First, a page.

Saturday, November 6, 2010

Rushi in za sukai wizu daimondozu

Today at school I saw ikebana, a Michael Jackson impersonator, and multiple students in drag. It can only mean one thing: the school festival! These are the biggest annual events at Japanese high schools, and they're basically the only times the students get to show a little creativity. The main events take place up on the stage in the gym, where much singing, dancing, and theatrical performing occurs. Some skits were just plain inexplicable, such as the guys who wore skin-tight body suits and pumpkin masks while gyrating to an Outkast song. Other skits neared meditative performance art level. I could see the group of girls who created a giant frying pan whose skit consisted entirely of them playing the role of popcorn being popped performing at some Lower East Side theater right after a Marguerite Duras film.*

I was more than just a spectator this year, as I lugged my Wii video game system and various peripheral instruments to school so that the students could partake in a little Beatles Rock Band. You see it was the culture festival, so I exposed them to the current American culture of young people obsessively hammering away at plastic instruments in front of television sets for hours on end. I spent a lot of time Katakana-izing the words to a bunch of Beatles songs only to have absolutely nobody volunteer to sing. And I was so looking forward to hearing various iterations of "Haroo, Goodobai." The drums and guitar, however, were quite popular. Inexplicably, they assigned me to the same room as the library's book sale. At least the librarian was pretty enthusiastic about my extremely noisy activity. At one point I showed a student how to control the menus so I could hop out and attend the tea ceremony I had signed up for. I guess he didn't let anybody else play because by the time I returned he had gone from beginner to Ringo equal. I may not be getting very far with trying to teach students to speak in full English sentences in class, but I'm pretty sure they've got "press the green button" down.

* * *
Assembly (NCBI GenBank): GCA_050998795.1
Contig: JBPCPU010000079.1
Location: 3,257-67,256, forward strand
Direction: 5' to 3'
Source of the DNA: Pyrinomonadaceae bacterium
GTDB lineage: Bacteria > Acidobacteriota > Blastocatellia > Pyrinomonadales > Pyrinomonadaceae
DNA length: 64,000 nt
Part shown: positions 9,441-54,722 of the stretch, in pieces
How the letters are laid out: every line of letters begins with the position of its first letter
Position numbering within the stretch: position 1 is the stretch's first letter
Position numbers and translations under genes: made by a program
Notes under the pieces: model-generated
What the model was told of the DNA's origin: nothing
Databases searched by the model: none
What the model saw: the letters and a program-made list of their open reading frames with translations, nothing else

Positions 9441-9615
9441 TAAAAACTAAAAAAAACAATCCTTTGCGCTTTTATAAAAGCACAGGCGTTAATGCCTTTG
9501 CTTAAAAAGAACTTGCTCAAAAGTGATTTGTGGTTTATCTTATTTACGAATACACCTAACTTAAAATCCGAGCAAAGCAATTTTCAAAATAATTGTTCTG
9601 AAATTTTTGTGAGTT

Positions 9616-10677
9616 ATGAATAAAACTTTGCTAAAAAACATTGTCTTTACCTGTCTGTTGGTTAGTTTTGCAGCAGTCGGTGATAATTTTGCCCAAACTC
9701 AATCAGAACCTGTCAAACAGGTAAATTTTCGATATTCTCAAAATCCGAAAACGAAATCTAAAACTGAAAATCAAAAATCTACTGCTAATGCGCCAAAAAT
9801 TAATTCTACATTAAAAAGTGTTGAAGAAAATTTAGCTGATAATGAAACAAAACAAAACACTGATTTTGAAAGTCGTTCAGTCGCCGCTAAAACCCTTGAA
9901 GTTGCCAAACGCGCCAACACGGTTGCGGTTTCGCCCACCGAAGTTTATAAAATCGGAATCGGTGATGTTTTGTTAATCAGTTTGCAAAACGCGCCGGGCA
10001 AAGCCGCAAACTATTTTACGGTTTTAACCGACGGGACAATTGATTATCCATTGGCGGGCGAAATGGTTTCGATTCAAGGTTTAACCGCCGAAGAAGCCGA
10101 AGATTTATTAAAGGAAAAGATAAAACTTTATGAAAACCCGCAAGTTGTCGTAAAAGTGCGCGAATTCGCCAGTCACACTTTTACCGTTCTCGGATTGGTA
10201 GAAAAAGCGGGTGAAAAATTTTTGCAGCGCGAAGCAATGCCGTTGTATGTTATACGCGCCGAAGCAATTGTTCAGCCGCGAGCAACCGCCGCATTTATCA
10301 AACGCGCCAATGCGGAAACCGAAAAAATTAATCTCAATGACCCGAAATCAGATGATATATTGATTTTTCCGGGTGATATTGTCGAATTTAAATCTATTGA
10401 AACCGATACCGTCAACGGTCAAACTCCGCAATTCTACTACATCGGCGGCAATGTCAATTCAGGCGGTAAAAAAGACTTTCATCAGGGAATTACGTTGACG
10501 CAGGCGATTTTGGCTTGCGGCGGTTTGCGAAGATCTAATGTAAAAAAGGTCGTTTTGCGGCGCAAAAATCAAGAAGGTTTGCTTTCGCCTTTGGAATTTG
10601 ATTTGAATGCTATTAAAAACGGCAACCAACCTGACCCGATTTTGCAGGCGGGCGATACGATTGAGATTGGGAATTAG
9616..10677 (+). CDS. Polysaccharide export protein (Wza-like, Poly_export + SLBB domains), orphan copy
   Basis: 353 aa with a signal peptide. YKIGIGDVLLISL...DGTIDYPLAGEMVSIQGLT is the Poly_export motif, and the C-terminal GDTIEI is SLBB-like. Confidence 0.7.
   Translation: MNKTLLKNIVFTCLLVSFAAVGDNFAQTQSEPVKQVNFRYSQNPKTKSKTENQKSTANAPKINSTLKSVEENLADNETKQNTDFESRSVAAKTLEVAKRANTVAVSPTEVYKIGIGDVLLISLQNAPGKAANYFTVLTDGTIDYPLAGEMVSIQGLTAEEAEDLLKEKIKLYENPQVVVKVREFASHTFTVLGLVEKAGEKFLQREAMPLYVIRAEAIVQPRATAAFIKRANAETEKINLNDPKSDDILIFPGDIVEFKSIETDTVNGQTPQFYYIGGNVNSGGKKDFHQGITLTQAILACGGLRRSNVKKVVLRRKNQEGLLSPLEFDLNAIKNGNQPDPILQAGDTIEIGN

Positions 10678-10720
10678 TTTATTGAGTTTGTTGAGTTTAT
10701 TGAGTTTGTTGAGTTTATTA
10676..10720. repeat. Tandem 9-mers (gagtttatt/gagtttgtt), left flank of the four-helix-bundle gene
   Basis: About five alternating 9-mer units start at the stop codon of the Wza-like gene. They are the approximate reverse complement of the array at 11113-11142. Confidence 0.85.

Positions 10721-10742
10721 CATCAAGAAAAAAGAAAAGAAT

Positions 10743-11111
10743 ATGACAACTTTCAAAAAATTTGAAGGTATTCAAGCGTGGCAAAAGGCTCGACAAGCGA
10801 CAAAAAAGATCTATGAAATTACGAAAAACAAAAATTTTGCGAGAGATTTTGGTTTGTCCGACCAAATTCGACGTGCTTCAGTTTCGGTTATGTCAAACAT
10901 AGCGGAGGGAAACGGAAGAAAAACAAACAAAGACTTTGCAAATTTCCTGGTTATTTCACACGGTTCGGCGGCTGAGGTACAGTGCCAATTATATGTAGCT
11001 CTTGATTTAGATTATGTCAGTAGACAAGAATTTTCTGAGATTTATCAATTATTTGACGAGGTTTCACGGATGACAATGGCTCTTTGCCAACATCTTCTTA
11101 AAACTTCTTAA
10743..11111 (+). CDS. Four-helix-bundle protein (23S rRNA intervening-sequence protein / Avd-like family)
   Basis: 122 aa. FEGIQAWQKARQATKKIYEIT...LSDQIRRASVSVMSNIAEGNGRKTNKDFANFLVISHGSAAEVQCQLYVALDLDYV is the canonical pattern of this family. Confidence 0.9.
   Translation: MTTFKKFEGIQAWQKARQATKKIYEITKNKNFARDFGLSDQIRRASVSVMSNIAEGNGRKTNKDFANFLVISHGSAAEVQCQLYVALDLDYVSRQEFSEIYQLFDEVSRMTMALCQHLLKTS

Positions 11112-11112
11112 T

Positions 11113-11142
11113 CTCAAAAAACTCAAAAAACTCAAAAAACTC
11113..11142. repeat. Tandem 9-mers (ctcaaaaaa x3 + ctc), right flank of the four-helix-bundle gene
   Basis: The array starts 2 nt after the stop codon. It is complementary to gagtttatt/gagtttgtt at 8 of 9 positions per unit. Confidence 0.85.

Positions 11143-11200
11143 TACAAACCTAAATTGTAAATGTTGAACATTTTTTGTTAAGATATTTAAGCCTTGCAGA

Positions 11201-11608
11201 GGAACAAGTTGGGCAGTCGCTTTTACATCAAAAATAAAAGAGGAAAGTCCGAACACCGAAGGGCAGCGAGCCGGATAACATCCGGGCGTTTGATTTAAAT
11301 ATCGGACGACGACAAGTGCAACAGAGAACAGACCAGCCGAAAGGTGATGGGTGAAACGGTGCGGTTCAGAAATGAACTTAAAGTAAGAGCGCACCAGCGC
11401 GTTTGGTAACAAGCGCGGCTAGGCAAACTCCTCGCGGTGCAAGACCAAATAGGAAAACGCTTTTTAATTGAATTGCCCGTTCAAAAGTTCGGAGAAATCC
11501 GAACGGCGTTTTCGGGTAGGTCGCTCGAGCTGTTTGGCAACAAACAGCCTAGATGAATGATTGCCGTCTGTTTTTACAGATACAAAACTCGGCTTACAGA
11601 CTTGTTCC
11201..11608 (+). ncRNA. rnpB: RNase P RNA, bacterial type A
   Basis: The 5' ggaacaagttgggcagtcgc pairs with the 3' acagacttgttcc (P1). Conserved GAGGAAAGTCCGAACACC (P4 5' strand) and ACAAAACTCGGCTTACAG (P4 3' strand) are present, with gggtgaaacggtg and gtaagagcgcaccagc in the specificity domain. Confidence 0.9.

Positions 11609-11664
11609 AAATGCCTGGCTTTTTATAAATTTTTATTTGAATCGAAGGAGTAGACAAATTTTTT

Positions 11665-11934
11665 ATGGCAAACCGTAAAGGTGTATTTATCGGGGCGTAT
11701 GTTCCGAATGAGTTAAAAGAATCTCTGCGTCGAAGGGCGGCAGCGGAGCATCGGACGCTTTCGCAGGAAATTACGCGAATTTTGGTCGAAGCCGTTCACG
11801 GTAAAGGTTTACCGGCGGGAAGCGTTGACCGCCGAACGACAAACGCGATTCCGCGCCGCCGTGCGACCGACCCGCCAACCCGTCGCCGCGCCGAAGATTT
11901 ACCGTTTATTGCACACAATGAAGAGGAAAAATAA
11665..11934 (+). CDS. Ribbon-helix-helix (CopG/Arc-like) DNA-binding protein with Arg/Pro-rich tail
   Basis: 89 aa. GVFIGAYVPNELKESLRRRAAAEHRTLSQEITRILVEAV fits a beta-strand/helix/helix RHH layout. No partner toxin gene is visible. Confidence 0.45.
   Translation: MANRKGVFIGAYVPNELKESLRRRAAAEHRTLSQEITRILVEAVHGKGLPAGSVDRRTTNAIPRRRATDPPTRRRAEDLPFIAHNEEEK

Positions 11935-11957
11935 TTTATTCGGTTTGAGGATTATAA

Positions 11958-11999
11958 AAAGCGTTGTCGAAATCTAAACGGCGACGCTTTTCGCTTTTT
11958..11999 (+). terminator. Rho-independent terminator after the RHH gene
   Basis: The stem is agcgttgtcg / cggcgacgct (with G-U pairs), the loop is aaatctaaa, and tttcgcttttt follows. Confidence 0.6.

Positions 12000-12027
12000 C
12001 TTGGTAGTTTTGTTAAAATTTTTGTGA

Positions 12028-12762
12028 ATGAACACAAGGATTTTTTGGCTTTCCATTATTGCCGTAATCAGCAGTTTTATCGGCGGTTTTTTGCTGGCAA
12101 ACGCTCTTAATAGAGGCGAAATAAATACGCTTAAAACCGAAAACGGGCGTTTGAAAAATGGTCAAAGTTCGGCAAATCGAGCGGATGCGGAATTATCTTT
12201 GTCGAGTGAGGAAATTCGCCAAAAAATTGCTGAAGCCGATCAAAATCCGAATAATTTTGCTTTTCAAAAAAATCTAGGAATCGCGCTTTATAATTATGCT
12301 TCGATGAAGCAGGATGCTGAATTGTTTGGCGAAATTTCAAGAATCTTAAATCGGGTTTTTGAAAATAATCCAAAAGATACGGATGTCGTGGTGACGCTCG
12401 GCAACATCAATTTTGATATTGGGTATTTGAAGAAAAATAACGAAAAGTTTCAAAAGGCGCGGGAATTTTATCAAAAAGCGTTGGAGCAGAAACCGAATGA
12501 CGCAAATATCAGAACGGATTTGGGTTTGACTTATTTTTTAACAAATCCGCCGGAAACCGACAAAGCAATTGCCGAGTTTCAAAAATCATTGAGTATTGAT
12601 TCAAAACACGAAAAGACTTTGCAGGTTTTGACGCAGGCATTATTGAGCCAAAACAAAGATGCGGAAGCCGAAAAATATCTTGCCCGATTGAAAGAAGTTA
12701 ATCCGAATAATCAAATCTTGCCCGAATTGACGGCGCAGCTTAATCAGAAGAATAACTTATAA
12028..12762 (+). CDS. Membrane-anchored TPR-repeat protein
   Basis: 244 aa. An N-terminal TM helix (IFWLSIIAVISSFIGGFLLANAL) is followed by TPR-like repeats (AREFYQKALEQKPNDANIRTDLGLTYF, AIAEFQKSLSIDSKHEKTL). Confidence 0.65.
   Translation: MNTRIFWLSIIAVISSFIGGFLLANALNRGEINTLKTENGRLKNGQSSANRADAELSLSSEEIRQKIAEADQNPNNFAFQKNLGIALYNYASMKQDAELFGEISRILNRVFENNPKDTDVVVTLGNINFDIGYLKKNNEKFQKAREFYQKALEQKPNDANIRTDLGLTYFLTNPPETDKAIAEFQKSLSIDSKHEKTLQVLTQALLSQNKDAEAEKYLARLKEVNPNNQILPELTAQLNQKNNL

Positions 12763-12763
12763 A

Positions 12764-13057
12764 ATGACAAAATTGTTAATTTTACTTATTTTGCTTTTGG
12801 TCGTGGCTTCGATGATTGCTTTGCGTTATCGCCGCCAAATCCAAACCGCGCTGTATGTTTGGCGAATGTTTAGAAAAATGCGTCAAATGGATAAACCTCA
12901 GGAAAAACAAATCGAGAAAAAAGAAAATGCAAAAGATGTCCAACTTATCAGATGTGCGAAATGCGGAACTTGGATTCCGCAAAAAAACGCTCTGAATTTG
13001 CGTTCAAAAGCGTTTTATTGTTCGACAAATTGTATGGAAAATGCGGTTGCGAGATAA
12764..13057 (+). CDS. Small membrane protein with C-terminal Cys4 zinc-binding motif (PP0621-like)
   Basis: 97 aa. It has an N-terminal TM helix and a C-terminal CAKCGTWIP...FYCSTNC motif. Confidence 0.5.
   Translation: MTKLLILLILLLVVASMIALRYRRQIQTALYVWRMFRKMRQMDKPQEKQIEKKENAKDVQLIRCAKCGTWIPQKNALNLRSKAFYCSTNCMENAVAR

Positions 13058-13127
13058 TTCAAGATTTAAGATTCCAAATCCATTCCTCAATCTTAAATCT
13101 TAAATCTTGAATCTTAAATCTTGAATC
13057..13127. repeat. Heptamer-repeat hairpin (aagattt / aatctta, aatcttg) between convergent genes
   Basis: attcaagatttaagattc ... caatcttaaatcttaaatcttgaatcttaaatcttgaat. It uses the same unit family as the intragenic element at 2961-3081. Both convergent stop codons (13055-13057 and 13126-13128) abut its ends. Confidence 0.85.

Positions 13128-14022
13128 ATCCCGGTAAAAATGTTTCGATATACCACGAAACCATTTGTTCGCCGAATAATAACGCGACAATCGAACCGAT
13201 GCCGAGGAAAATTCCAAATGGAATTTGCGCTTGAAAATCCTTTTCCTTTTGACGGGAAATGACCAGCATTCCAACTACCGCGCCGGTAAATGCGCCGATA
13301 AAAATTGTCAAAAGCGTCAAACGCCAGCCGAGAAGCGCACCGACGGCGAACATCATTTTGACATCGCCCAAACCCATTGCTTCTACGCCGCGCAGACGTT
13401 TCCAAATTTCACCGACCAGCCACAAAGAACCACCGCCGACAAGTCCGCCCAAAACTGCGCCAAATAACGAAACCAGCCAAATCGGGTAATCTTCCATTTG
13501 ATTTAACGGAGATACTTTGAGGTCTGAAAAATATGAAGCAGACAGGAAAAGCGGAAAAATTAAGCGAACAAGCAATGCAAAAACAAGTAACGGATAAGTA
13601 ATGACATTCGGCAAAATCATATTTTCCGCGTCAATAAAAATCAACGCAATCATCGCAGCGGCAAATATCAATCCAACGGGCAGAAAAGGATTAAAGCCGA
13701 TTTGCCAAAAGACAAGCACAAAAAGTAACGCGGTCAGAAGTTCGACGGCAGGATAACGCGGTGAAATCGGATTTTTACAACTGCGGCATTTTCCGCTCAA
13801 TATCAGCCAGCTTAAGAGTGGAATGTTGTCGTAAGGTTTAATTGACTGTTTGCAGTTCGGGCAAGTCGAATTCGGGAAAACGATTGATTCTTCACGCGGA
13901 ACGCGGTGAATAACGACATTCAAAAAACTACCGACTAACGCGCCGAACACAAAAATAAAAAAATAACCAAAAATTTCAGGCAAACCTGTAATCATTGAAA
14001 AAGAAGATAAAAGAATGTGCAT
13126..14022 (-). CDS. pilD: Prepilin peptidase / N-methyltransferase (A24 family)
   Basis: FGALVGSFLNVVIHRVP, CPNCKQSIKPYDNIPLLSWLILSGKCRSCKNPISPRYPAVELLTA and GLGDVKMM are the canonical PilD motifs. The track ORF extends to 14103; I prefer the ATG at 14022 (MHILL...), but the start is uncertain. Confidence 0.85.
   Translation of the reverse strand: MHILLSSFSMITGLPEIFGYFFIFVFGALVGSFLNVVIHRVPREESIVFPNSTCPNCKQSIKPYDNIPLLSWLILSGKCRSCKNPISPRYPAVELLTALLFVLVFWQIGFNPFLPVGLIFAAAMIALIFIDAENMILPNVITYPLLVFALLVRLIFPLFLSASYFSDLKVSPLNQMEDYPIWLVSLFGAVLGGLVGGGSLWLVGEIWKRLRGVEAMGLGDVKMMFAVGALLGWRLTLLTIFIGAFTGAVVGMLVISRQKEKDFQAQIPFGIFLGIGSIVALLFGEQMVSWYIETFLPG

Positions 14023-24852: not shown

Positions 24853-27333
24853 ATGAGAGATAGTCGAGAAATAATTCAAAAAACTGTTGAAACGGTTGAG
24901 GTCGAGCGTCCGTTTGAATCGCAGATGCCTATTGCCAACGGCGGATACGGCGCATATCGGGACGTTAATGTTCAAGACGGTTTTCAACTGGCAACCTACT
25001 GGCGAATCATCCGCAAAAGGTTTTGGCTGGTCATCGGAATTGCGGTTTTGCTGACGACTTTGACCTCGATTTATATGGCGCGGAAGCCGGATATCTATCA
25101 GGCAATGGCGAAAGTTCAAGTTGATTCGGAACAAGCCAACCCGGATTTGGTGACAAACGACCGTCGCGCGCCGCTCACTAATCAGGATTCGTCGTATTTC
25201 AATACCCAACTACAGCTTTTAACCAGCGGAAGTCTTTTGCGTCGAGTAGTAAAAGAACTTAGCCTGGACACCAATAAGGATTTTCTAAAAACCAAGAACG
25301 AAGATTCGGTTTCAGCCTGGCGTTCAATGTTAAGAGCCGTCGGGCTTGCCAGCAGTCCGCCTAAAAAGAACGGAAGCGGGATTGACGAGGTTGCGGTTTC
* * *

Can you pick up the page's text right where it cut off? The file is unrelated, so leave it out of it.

*Film school nerd's note: please don't try to watch a Marguerite Duras film. It will almost make you long for the excitement of Warhol's Empire. That's right, I just explained a pretentious film reference with a slightly less pretentious film reference. Gotta use that degree somehow.

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